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Next Up - Argentina, 5:15 EDT

The U.S. plays Argentina Monday afternoon and after that, win or lose - and they'd have to lose by a lot - they'll enter the medal round as the top team from Group A, where they'll open with Australia.

The good news for the U.S. is that Lithuania likely punctured any illusions they had about inevitability: the U.S. has the best talent, the best coach and the best defense, but you still have to win it on the floor.

As we said before, the Argentinians have a good/bad reality: the good side of it is that they've got a core that's been together for over a decade; the bad is that all but two of them are over 30 (there may be one guy who's 29, but that's close enough). They're banking on experience and unity against youth and superior talent. It's a formula that has worked plenty of times in the NBA, although there's usually less of a difference in talent.

Not that we're knocking the Argentines. We love watching Manu Ginobli play, and he's the heart and soul of that team. They often have played a purer brand of basketball than their American opponents, and quite often they have managed to put a dual pressure on the Yanks with a highly accurate three point attack and drives from pick-and-roll plays or backdoors. They just do things the right way.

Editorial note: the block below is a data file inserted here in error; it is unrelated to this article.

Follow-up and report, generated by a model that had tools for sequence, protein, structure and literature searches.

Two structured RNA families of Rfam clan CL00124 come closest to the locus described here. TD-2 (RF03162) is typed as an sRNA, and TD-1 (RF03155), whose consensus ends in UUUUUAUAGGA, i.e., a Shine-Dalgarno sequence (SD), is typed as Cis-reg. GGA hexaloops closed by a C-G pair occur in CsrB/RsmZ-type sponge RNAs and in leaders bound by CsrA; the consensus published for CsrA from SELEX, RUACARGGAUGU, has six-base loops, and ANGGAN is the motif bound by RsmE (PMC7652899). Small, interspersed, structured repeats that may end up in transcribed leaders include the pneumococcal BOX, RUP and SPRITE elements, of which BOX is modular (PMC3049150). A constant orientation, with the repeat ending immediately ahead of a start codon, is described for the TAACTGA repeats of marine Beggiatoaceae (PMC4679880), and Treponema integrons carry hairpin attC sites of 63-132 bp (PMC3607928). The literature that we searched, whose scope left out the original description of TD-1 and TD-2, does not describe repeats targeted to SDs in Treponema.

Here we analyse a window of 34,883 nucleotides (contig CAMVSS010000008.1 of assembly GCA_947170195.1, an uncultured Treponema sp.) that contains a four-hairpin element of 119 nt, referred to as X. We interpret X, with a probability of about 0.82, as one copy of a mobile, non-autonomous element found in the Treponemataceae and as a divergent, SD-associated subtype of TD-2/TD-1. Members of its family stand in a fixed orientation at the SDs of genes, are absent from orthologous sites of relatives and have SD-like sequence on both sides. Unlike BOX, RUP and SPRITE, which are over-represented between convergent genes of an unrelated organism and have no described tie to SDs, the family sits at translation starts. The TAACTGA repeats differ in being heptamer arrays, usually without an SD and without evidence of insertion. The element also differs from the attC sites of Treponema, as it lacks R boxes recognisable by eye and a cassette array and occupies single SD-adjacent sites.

In the past though, they've seen American teams with less unity and less defensive desire than the U.S. brought pre-Krzyzewski.

The nicest thing about this team? No one really seems to care who gets the points or minutes. LeBron James is perfectly willing to subordinate his game to the rest of his team. Kobe Bryant doesn't mind focusing on defense. And if Carmelo Anthony only gets 10 minutes, he's fine.

It's been clear that this group is focused more on winning and a team ego than individual egos.

Now though, things start to get real: after this game, it's what we in the States call single elimination and what the rest of the world calls the knockout round.

The U.S., after the grueling NBA playoffs, has had the luxury of resting James and Kevin Durant and to a lesser extent Bryant, whose Lakers went out early and so is presumably a bit fresher than the others.

We'll soon see what this group is made of.